GET IN SHAPE (and lose those 10 -- OK, 15 -- pounds of holiday weight). Volunteer. Quit smoking. Promote world peace. They're all admirable New Year's resolutions, to be sure. But will you still be acting on them come February?
If you're looking for easy resolutions to work into your repertoire, consider your finances. With just a few minor tweaks in January, you'll be off and running faster than you can say, "Gym membership? What gym membership?"
Here are five easy financial resolutions to keep up with through 2007...
1. Sock Away $5,000 for Retirement
Current situation: You're making $50,000 a year. Although your company matches 401(k) contributions of up to 5% of your salary, you're only contributing 3%, investing a total of $3,000 for the year (including your employer's match).
Resolution results: Increase your contributions to 5%, earning the full company match. Each month, you'll put away an extra $167 for retirement -- for only $62.50 more of your take-home pay.
Resolving to dramatically increase the balance in your 401(k) is easier than it sounds. (Hint: There's no need to be an investment guru.) Just boost your contributions enough to snag the full company match, says Scott Kays, president of Kays Financial Advisory Corp. in Atlanta. "That's like giving a guaranteed 50% return on your investment," he says. And because 401(k) contributions are taken out of your pay before taxes, you'll save on taxes while simultaneously reducing the hit on your take-home pay. (Use our calculators to see how increased contributions will affect your retirement savings and your paycheck.)
2. Create a $3,000 Emergency Fund
Current situation: If a pipe bursts, you break an arm or encounter another emergency, you put it on plastic - and cross your fingers that you can scrounge up some cash before the bill comes due.
Resolution results: It takes just $250 per month to accumulate $3,000 in savings by the end of the year. (Stash the cash in a high-yield savings account that pays a rate of, say, 5.05%, and you'll have $3,070.42.)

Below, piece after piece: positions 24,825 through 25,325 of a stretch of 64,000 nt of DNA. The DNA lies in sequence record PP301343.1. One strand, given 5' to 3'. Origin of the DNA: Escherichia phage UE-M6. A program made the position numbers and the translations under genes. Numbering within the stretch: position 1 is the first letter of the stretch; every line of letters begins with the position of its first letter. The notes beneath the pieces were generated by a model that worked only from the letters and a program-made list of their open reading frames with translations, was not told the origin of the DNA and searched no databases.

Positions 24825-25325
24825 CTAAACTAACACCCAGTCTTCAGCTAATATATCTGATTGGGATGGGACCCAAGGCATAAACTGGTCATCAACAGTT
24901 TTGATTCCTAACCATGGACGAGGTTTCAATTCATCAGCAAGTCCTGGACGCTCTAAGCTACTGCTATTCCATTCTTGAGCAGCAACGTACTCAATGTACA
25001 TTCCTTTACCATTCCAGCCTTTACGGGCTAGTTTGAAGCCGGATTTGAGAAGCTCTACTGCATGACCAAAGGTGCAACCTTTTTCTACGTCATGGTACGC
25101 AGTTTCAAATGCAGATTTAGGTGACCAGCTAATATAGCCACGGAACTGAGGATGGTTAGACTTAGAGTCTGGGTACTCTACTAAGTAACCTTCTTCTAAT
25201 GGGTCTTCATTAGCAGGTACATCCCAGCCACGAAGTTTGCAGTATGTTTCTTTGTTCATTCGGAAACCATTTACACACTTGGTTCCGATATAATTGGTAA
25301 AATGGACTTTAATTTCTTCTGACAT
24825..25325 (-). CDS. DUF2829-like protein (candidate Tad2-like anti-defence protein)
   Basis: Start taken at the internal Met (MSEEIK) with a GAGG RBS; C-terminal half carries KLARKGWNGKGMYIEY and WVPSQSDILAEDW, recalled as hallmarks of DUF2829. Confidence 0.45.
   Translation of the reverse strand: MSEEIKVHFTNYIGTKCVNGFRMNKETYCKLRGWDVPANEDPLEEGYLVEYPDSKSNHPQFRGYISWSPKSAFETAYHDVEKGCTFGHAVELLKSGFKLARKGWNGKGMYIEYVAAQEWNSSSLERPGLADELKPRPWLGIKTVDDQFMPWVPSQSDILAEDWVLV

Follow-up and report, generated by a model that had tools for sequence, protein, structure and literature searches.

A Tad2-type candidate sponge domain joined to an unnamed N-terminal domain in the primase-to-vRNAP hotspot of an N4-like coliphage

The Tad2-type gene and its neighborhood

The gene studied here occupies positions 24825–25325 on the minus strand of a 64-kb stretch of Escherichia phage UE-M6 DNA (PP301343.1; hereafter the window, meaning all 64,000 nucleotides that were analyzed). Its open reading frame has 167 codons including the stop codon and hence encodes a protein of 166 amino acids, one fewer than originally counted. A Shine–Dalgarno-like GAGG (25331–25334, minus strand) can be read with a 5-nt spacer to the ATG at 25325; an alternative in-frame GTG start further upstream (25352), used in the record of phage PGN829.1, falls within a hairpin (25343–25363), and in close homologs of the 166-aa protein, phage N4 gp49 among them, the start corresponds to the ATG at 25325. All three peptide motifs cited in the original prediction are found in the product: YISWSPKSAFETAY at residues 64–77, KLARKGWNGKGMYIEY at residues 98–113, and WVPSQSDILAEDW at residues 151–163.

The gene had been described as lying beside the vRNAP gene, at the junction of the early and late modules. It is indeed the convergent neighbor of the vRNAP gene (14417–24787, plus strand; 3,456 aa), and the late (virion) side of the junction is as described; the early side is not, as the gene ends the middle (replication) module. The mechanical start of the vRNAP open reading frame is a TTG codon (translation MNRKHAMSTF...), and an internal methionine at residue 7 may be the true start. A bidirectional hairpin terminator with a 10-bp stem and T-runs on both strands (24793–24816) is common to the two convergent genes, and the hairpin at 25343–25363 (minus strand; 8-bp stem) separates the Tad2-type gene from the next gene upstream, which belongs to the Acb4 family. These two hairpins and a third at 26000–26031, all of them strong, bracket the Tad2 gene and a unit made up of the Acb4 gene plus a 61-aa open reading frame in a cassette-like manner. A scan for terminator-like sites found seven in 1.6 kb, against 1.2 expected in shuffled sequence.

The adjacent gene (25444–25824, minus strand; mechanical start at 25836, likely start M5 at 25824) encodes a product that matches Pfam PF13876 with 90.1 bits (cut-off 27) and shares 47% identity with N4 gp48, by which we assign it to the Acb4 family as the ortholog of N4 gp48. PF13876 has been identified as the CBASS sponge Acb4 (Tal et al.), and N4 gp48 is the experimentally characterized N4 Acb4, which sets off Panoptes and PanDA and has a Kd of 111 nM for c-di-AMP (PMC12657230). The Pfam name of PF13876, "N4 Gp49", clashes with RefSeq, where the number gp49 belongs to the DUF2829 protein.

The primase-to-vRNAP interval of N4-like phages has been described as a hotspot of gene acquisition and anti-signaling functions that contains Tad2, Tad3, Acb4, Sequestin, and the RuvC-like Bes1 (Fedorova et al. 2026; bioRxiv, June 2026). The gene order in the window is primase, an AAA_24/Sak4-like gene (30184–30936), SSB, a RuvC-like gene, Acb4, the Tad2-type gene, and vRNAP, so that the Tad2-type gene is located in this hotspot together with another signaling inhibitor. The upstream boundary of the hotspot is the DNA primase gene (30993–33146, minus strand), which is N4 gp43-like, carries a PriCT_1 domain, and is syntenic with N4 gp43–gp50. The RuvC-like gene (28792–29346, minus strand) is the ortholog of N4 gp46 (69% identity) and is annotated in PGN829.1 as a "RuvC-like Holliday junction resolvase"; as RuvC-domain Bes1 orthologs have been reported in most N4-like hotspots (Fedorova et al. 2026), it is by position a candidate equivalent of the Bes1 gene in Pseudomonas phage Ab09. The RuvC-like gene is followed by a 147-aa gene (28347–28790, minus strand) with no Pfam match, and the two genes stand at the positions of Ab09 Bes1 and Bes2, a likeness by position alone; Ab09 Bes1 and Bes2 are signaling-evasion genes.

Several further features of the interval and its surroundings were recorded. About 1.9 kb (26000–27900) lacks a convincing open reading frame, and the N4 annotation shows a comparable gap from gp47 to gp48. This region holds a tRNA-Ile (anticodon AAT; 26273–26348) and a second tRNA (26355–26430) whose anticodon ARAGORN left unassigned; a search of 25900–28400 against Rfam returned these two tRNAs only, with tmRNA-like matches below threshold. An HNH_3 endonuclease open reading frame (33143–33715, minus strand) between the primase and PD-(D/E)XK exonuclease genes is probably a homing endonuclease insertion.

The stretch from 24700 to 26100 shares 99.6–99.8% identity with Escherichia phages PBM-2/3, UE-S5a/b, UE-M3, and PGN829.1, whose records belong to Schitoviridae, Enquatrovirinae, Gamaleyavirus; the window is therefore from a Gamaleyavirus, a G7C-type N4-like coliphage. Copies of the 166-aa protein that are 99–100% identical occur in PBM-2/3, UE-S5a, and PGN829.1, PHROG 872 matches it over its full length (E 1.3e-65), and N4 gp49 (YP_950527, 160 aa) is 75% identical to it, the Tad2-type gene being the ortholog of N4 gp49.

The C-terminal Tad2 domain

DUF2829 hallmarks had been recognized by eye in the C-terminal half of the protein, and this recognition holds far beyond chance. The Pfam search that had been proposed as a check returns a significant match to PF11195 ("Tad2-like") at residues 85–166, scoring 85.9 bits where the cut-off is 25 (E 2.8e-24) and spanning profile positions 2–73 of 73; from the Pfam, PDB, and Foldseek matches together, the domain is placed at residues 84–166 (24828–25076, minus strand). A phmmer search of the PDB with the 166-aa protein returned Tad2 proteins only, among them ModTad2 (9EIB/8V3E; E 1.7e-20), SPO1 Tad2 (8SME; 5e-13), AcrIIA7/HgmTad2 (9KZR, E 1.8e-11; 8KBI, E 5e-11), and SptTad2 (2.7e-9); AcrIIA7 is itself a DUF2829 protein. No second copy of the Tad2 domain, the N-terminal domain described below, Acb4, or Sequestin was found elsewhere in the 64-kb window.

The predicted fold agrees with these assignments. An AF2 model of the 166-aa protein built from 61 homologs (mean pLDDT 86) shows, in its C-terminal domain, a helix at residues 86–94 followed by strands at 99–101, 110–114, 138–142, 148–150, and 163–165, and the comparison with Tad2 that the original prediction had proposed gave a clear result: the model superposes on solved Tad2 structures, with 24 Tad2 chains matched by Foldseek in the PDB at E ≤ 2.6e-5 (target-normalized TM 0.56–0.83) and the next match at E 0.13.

"If you're not prepared, something as small as a water heater going out can start a downward spiral into debt," says Charles Buck, president of Buck Financial Advisors in Woodbury, Minn. "Life happens. You have got to have an emergency fund." Ideally, you should save at least three months' worth of expenses in an easy-to-access, high-yield savings account. Six months' worth is better. (Below is a list of no-fee accounts yielding 4.5% or more.) It's a daunting amount to save, Buck acknowledges, but starting small is OK. "Just having one month's expenses saved is a start," he says. Put aside whatever you can each month -- and set up an automatic transfer within your accounts to make sure you really do it.
No fees or service charges.
No fees or service charges. You'll also get an ATM card.
No fees or service charges when you open the account in conjunction with an EZ Checking account.
No fees or service charges. You'll also get free checks and an ATM card.
No fees or service charges.
* Rates and details from individual banks
3. Slash Energy Bills by More Than 20%
Current situation: The average U.S. household will pay about $5,000 to power its homes and vehicles in 2006, according to the Alliance to Save Energy.
Resolution results: By sealing up air leaks ($500), making the most of your thermostat ($375) and switching to compact-fluorescent light bulbs ($300), you save $1,150.
In the realm of New Year's resolutions, cutting back your energy consumption is far easier than counting calories, says Rozanne Weissman, spokeswoman for the Alliance to Save Energy. "An energy diet is a no-regrets diet," she says -- you don't need extreme behavioral changes (like, say, taking cold showers in the winter) to make a big difference on your bill. Try these simple changes:
Heating (accounts for about 50% of annual costs): Start by dialing back your thermostat, says Harvey Sachs, spokesman for the American Council for an Energy-Efficient Economy. Setting it just one degree cooler can save you 1% to 2% on your monthly heating bill. "Imagine if you set it five degrees colder," he says. Save even more by actually programming the thermostat to work less hard while you're asleep, at work or otherwise out of the house (and cut your bill by another 5%).